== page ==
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In the News: Checking In on the Mayflower

John Deiner

So you've probably read about Eliot Spitzer and the prostitution ring by now -- and the Mayflower Hotel, where the dalliance allegedly took place.

The Post's Dana Milbank gives an intriguing overview of the case this morning in his Washington Sketch, including some historical info on the place (JFK apparently used the hotel for his own indiscretions). And if you checked out the Gridskipper travel blog this morning, there's a fun item pointing out the fact that Spitzer chose a "standard room."

We here in the Nation's Capital take our scandals seriously, and, uh, not so seriously. To that end, you can read all about past headline-makers in a couple of recent pieces in The Post, including a Sunday Source report from last August about various nefarious characters from the city's past. And the aforementioned Mr. Milbank guided Weekend section readers to scandalous spots around the city in a piece he did in November. Included: The Ritz-Carlton where Marv Albert bit a Virginia woman in 1997 and where Monica Lewinsky was recorded while having lunch with LInda Tripp in 1998.

For those unfamiliar with D.C., the Mayflower (owned by Marriott, by the way) is one of the prestige properties in town. It's a few blocks from the White House and sits right next to the Farragut North Metro station. If you have the money, it can be a traveler's best friend, as it's within walking distance of Dupont Circle eats and drinks and major attractions like National Geographic and the National Mall (if you have good sneakers, that is).

In case you're wondering, it's ranked No. 28 out of 116 hotels in TripAdvisor's Popularity Index among Washington hotels.

I've always thought it must be an unsettling place to go if you're drving into town: The entryway is always a mess of cars and taxis, and traffic in the area can be atrocious. Right beyond the lobby is an endless corridor lined with mirrors and doors leading to meeting and banquet rooms. In cold weather, it's a good way to cut between Connecticut and 17th Street and stay indoors.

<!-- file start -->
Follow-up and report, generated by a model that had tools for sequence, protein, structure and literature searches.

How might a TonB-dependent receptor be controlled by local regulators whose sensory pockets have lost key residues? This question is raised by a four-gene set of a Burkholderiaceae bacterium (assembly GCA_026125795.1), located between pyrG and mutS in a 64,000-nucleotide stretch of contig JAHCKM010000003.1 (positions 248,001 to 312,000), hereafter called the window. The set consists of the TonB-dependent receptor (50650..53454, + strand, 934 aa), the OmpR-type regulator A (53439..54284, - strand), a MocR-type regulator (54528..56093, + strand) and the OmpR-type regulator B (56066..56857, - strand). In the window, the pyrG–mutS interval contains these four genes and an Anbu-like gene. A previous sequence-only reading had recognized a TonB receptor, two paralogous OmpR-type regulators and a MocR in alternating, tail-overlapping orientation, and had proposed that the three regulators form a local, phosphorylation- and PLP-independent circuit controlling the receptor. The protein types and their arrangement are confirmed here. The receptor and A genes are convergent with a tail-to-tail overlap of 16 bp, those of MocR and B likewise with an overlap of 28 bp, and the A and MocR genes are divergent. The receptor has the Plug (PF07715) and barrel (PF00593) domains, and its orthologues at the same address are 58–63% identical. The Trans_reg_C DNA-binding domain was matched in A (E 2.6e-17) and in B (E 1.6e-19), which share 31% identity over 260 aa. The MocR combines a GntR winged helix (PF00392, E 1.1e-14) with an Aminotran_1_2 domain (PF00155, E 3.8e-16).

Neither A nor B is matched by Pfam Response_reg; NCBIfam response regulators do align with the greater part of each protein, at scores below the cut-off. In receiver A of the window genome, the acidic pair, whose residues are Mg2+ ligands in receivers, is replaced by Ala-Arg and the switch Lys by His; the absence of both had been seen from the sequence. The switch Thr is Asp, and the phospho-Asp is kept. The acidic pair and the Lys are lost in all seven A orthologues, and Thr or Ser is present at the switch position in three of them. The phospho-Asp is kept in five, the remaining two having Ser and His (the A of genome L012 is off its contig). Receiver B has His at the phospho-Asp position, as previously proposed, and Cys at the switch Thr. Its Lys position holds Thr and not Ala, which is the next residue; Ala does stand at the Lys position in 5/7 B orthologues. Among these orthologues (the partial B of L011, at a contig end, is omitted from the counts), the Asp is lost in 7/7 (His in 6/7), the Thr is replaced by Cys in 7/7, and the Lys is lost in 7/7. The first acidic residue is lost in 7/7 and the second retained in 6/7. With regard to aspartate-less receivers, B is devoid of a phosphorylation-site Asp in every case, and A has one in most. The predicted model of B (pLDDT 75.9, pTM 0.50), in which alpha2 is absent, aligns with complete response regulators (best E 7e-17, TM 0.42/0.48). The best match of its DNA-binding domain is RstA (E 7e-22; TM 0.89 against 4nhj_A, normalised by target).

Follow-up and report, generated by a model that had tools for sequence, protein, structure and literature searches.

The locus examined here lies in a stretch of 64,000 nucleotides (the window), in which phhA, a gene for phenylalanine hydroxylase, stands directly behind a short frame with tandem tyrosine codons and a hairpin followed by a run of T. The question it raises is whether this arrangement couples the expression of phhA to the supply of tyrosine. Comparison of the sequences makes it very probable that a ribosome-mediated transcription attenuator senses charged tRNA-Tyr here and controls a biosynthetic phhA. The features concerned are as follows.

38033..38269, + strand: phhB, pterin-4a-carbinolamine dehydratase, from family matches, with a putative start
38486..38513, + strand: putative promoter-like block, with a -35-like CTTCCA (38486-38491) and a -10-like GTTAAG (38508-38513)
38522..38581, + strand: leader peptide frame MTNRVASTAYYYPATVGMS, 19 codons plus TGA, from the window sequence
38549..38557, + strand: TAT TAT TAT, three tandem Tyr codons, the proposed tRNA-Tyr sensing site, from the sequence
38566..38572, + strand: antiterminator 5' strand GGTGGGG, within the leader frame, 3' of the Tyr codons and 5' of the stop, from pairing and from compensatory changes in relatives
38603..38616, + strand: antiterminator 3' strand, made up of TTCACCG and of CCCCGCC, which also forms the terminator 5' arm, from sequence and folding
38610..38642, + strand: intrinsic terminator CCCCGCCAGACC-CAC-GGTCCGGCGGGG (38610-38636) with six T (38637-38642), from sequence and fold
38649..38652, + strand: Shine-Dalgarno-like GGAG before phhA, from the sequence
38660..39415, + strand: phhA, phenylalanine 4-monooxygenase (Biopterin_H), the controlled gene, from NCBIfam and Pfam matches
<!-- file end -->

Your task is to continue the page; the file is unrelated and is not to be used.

I've used that detour numerous times, but I've never stayed in the hotel. Besides, it's a little beyond my budget. Okay, it's wayyy beyond my budget. I checked rates for March 27 and found the cheapest rates were $409 a night. Yow. Here's the description: "Deluxe Room, 1 king or 2 double beds, progressive, classic elegance , marble bath."

Oddly enough, for the same price you can get a Club level room, described thusly: "1 king or 2 double beds, hot breakfast, PM appetizers & desserts, upgraded amenities, rate includes high speed Internet." Sounds like a no-brain decision, right?

If you want to check in on Wednesday, March, 26, it'll cost considerably more: $469 for the standard room, $519 for the Club level.

And one more thing: The Web site is advertising a special deal, valid Thursday-Sunday through April 27. You get breakfast for two and champagne upon arrival, and rates start at $229 a night. Here's the tagline at the top of the deal: "Flirt with an Escape! Romance package from Renaissance!"

By John Deiner |  March 11, 2008; 3:20 PM ET  | Category:  Hotels , In the News , John Deiner
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You and I are the only ones that are broke! With the high prices holding, people buying new cars, new TVs, new's just the Poor that don't have any money. LOL

Posted by: What Recession? | March 11, 2008 4:00 PM

$5,500 an hour for the girl on top of the hotel rate. What sort of service was she performing? Seems like the per-minute rate (which works out to $91.67) is a lot more reasonable and realistic.....

Posted by: Rich | March 11, 2008 5:11 PM

With that kind of hourly rate, I don't think any of them could claim to be paid less then men!!! Honestly though I really can't understand what makes anybody think that cost always relates to quality. I can see the argument "you get what you pay for" only so far. No wonder many companies inflate their costs for government contracts, nobody will argue over the cost.

I have a very tight budget when it comes to accommodations ( I start to sweat when it goes above $150.00 a night) and cannot see the value in spending that kind of $ for a place to sleep ( or play as in this case). I understand recouping the cost of the furnishings and paying for labor, taxes, real estate, construction, utilities and supplies and realizing a profit. But after 5 years, how much of that room rate is pure profit? Just wondering.

Posted by: rja112 | March 12, 2008 12:59 AM

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